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News Briefs
March 1964 Radio-Electronics

March 1964 Radio-Electronics

March 1964 Radio-Electronics Cover - RF Cafe[Table of Contents]

Wax nostalgic about and learn from the history of early electronics. See articles from Radio-Electronics, published 1930-1988. All copyrights hereby acknowledged.

News Briefs, March 1964 Radio-Electronics - RF CafeAt the time of this "News Briefs" feature in a 1964 Radio-Electronics, satellites were a relatively new phenomenon. Tiros VIII was already, as the nomenclature implies, the eighth in the series of ten so-named weather satellites. Tiros, BTW, stands for Television Infrared Observation Satellites. Tiros VIII was the first to broadcast images to widely dispersed ground stations that used them for preparing local forecasts and reports. It was the beginning of the live satellite images on TV era. In other news, a new type scanning electron microscope was revealed by Westinghouse which could produce images only 15 millionths of an inch in less than a second. A gas laser triode was announced by Bell Telephone Laboratories, whose output could be modulated by a control grid. This was a first step in laser communications. I colorized the line drawing to bring it up to 21st century expectations.

News Briefs

News Briefs, March 1964 Radio-Electronics - RF Cafe

How Tiros VIII works. Viewing an area approximately 1,000 miles on a side, it snaps a picture on a special vidicon tube which retains the image on the screen for 208 seconds while it is being read out and transmitted to APT facsimile receivers. The facsimile picture is 8 inches on a side.

New Weather Satellite Broadcasts Local Reports

Tiros VIII, latest of America's weather satellites, carries a special automatic transmitting system that sends pictures to earth via relatively simple ground stations.

The first seven satellites sent rather complex pictures on command for reception by special ground stations. Tiros, called "everyman's weather satellite," broadcasts its signals so that individual localities will be able to obtain direct readout pictures of what the weather activity over a local region looks like from 400 miles in space.

The pictures are recorded by facsimile rather than on film. The quality is not as good as that of film pictures but will provide as much information as local meteorologists will need. The new system, called APT, for Automatic Picture Transmission, is already transmitting to more than 50 ground stations throughout the world.

Relay I Won't Quit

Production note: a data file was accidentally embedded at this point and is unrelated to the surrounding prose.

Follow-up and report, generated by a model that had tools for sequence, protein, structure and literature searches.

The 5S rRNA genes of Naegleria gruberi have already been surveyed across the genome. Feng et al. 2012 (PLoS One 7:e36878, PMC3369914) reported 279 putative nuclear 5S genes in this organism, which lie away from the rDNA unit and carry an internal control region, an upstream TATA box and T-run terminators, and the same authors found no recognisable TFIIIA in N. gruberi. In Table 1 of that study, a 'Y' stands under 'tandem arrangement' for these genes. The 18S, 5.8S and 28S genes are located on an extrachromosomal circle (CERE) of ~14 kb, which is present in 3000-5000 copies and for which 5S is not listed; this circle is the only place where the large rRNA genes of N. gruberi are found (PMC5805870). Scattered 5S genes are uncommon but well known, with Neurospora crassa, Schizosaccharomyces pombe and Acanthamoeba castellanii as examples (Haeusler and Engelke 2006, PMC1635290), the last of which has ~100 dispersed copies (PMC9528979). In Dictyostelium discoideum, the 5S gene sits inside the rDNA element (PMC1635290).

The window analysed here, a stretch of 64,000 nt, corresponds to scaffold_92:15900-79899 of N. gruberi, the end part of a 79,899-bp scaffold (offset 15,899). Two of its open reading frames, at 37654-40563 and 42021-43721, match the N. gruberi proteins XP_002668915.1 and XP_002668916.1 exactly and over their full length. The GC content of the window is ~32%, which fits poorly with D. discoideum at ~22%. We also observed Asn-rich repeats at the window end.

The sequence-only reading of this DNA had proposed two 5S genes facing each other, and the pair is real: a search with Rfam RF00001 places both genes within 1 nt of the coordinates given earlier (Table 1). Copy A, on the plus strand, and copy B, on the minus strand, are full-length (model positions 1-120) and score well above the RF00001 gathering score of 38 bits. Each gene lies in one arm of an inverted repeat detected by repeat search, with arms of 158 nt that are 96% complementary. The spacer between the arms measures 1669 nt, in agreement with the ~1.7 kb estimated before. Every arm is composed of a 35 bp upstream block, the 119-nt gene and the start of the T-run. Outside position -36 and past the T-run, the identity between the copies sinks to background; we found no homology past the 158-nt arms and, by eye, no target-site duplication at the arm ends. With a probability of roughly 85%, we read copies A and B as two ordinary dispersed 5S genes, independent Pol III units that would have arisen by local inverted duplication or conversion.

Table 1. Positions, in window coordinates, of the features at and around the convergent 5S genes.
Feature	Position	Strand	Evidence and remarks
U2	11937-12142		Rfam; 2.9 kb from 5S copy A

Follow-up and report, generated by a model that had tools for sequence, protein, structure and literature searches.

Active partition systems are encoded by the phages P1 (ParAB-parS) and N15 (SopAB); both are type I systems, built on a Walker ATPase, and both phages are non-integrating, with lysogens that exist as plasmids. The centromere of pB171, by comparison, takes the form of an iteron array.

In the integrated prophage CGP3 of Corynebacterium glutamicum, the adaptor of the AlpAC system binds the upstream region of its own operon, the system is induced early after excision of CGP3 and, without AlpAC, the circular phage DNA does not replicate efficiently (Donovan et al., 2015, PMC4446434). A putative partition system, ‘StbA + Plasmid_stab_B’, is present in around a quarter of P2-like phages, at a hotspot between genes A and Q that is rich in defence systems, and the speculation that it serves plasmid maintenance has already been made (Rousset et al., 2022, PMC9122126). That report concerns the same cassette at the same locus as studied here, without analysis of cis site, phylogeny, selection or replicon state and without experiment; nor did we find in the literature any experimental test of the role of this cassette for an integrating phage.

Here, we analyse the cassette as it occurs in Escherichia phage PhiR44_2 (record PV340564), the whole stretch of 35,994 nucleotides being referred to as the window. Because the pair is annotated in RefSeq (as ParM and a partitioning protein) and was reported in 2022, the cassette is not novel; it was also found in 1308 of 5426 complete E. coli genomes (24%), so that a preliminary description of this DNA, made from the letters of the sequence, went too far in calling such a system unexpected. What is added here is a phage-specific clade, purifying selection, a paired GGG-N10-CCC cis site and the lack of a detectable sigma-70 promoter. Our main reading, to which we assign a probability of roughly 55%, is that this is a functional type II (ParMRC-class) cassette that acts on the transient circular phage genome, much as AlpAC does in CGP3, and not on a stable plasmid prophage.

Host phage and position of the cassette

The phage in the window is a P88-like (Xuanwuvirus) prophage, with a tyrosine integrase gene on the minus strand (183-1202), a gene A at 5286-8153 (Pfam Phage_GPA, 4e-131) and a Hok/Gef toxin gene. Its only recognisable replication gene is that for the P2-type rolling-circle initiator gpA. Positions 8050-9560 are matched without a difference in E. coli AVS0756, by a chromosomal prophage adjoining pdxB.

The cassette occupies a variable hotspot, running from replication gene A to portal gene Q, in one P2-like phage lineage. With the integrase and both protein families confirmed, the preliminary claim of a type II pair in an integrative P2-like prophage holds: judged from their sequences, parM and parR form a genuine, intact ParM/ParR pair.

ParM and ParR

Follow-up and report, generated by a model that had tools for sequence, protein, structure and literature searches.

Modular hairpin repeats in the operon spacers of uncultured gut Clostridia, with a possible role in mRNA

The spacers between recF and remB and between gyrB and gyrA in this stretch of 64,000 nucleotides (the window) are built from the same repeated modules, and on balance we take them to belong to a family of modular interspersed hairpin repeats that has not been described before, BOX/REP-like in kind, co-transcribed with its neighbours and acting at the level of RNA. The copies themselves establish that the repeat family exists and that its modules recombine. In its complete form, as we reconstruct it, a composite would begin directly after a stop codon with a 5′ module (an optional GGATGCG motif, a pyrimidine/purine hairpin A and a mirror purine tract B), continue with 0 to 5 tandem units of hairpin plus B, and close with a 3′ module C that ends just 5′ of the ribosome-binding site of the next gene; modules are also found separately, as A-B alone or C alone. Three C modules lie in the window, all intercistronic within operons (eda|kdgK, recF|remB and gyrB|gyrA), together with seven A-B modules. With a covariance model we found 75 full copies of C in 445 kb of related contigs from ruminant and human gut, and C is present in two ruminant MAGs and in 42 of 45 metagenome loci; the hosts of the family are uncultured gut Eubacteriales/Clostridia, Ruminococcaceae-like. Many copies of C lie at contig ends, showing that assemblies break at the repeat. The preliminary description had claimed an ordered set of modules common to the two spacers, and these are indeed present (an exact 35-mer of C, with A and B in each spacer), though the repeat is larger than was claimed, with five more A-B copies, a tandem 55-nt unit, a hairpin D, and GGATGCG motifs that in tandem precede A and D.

NASA's Communications Satellite, Relay I, launched from Cape Canaveral on Dec. 13, 1962 kept working and merrily answering questions from earthmen after Dec. 31, 1963, which was supposed to be its last working day. It was equipped with a self-destructive timing device to switch off its power about a year after launching. Engineers, believe that it failed to go off because of the extreme cold.

First successful scanning electron microscope - RF Cafe

The first successful scanning electron microscope in the United States, being use to study surfaces of tine microelectronics devices.

Richard P. Dunphy, RCA project manager for Relay, explained that "the reason for the planned silencing of the satellite was that the more advanced Relay is scheduled for launch shortly and, since Relay I will have completed its mission, it was deemed good sense to silence it so that its signal would not be added to the already limited radio-frequency spectrum." He said that an electrolytic material was placed inside Relay which was supposed to eat away a connection between the main power lead and the solar panels at a pre-determined rate. But unexpected coldness around the device has slowed down the erosion.

New Electron Microscope Uses Scanning Techniques

Combining the principles of the electron microscope and the TV receiver, a new instrument, designed by Westinghouse Research Laboratories, displays detailed pictures of areas only about 15 millionths of a square inch on a 5-inch screen. It also gives equally detailed pictures of the electric fields of the surface scanned. Thus one can see the actual voltage distribution across a resistor or transistor in operation.

As in the regular electron microscope, the electrons comprising the beam are accelerated to high speed by an applied voltage and focused with magnetic coils on to the sample. Then magnetic coils like those on a TV yoke guide the beam across and down the surface in the scanning operation.

The electrons striking the surface cause the sample to emit low-voltage secondary electrons in quantities determined by the surface structure and charge. These electrons are collected, amplified and fed as an electrical control signal to a special TV picture tube, where a visible image of the surface is displayed.

The scanning time for a specimen can be varied from 1/4 to 4,000 seconds. The number of lines can be varied from 250 to 1,000, the 1,000-line setting giving about four times the picture detail of a regular television picture.

 

 

Posted July 10, 2024

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